Mexico and Brazil, having seen the economic destruction that high inflation can wreak, don’t want to see it again.
Latin America will soon be hit by a wave of business bankruptcies and defaults, according to Jesús Urdangaray López, the CEO of CESCE, Spain’s biggest provider of export finance and insurance. CESCE insures companies, mainly from Spain, against the risk of their customers not paying due to bankruptcy or insolvency. It also manages export credit insurance on behalf of the Spanish State.
CESCE’s biggest clients are large Spanish companies with big operations in Latin America. For many of those companies, including Spain’s two largest banks, Grupo Santander and BBVA, Latin America is its biggest market. CESCE’s three biggest shareholders are the Spanish State and, yes, Spain’s two largest banks, Grupo Santander and BBVA.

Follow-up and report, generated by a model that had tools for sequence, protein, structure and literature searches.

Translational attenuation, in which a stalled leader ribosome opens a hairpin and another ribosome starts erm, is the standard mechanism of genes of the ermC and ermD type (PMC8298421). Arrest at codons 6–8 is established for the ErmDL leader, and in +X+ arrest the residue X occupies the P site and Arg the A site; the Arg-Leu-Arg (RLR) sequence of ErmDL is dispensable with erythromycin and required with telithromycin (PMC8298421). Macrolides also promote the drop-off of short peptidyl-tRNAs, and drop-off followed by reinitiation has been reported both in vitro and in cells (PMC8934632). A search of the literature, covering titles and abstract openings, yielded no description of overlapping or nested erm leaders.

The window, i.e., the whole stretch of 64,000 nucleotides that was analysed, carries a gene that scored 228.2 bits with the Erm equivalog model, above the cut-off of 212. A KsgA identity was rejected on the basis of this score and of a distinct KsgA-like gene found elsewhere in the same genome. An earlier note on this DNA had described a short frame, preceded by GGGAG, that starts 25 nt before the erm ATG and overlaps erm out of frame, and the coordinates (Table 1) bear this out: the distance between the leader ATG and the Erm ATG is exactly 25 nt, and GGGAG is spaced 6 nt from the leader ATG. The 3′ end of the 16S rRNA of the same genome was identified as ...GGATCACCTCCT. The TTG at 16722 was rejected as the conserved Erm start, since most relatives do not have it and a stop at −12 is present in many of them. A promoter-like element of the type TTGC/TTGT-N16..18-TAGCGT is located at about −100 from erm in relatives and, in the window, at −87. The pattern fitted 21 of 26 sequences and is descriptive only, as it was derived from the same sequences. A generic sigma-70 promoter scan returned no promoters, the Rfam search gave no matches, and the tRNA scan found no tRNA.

BBVA, which is heavily invested in Argentina, warned about the worsening situation in the country. If Argentina’s economy continues its inflationary spiral, it could end up affecting BBVA’s overall performance and financial health, the Spanish bank said.
Argentina’s government is once again trying to restructure its foreign-currency debt with the IMF, having already defaulted on the debt once since the virus crisis began.
Ecuador was first to default on its foreign currency debt, followed by Argentina, then Surinam, Belize, and Surinam twice more — six sovereign defaults so far in 13 months.
Latin America has been hard hit by the virus crisis. But the region’s cash-strapped governments with weak currencies and surging inflation cannot afford to provide the sort of financial support programs being rolled out in more advanced economies. Fiscal response has added just 28 cents of extra deficit spending for every dollar of lost output…
…click on the above link to read the rest of the article…